North East News

1st New College for 14 years at Durham University

Durham University is creating its first new residential College in 14 years: South College, which is on track to open in 2020. South College is part of the University’s flagship Mount Oswald development, a project worth £80 million which will also include a new home for its existing John Snow College, a University Hub building and a multi-use games area (MUGA).

The project is part of the University’s ambitious ten-year Strategy, which represents close to £1 billion-worth of investment in people and facilities to ensure Durham is world-class in research, education and the wider student experience. 
Building work on South College began in summer 2018 and the College will welcome its first students in October 2020. 
The student accommodation buildings have now reached full height and today (Friday 11 October) University leaders, student leaders and representatives of Interserve Construction took part in a ‘topping out’ ceremony on site. 
Jeremy Cook, the University’s Pro-Vice-Chancellor (Colleges and Student Experience); Professor Tim Luckhurst, Principal Elect of South College; Kate McIntosh, President of Durham Students’ Union; and Mark Gardham, Regional Director of Interserve, symbolically placed the final ballast. 
Mr Cook said: “Durham University combines world-class research and education with an outstanding wider student experience. 

“Our Colleges are a key part of this wider student experience and we are excited to be creating our first brand new College since Josephine Butler College was established back in 2006.

“These new facilities will benefit our students and also the local community, as we increasingly share our facilities with our neighbours and increase the proportion of our students living in Collegiate accommodation.”
Kate McIntosh, President of Durham Students’ Union, said: “Found a new College is fantastic and this is a huge landmark in the development of the project. The building is just one bit of what makes a College. We can now look ahead to what will be happening in this building. It’s those bonds, that sense of belonging, those friendships, that mean so many people stay in Durham, flourish in Durham and keep coming back to Durham.”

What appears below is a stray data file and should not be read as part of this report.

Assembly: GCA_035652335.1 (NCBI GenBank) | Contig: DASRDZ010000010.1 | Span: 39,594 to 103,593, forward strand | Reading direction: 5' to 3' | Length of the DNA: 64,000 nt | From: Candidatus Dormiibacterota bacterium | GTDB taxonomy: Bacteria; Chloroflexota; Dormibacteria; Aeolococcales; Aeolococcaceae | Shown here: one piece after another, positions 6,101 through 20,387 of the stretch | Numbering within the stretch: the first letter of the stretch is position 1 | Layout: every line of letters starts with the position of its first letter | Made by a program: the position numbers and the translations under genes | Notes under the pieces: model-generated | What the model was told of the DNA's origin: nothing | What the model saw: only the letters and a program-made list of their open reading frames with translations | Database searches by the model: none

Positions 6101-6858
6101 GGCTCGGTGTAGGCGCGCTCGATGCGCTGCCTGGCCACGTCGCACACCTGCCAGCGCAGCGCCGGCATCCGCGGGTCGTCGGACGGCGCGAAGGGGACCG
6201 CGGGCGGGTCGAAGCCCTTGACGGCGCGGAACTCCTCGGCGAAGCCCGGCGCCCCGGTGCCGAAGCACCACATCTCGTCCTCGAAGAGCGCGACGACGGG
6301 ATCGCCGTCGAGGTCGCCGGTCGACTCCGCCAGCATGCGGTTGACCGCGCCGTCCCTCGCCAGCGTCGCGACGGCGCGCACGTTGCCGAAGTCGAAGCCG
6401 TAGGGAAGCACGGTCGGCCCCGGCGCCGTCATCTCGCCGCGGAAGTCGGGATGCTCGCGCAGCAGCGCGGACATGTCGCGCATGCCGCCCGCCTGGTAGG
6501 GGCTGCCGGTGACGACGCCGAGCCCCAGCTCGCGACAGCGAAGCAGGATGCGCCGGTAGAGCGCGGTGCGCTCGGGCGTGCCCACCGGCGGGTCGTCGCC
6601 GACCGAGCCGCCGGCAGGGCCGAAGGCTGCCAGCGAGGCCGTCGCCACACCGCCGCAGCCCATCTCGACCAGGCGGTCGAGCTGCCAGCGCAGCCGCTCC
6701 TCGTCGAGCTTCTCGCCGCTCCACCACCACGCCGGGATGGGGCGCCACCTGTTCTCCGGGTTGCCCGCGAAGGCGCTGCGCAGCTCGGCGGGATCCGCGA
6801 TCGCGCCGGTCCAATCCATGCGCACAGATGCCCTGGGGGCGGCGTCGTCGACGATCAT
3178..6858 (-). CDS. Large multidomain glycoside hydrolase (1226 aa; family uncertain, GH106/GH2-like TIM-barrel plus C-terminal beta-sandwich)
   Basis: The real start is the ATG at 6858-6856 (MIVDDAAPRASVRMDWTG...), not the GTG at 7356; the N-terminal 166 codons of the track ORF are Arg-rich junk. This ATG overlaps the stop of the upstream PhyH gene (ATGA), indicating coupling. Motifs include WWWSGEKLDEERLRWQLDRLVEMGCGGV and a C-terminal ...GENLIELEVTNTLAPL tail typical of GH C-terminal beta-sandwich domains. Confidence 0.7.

Mark Gardham, Regional Director of Interserve, said: “This topping out of the new South College marks yet another important milestone in the delivery of the Mount Oswald scheme and it’s fantastic to be able to showcase the great work that our team is undertaking on site.

“The Mount Oswald project is a key project for Interserve in the North East and we have been working hard to ensure that it benefits the local community, by retaining the local spend and creating new employment opportunities for local people.”
The Mount Oswald development will bring many benefits to the local community, including that the multi-use games area will be available for community use.
Interserve is using local suppliers where possible and is also running educational visits and work placement opportunities for local schools and colleges. On the project to date, £27 million has been spent within a 40-mile radius of the site, 15 apprentices have been employed, seven people who were long-term unemployed have returned to work and 65 students from local colleges have undertaken work experience placements. 
Interserve is keeping local residents informed of work on site via monthly newsletters and social media updates using #MountOswald. Local residents with questions can email: 
South College’s first Principal will be Professor Tim Luckhurst, an award-winning journalist for BBC News and Current Affairs, former editor of The Scotsman and most recently founding Head of the Centre for Journalism at the University of Kent and founder and director of KMTV, a local television station for Kent.
Professor Luckhurst said: “I am proud to be have been appointed as the first Principal of South College. I hope to make it a diverse and inclusive community where students can enjoy some of the best days of their lives. I want South to be warm, friendly and supportive – a community of learning and respect, but also fun. Above all, I want it to attract a diverse range of students from every possible background.

“As a 17-year-old in 1980, I had the life-enhancing experience of becoming one of the first students at a new college in an ancient university. The experience I gained as a pioneer there gave me the confidence to create and lead at home and abroad for the BBC, The Scotsman newspaper, as the founder of a new university department and a television station. I am determined that South College will offer similar and, perhaps, even greater opportunities to those who join me in shaping an inspiring new community.”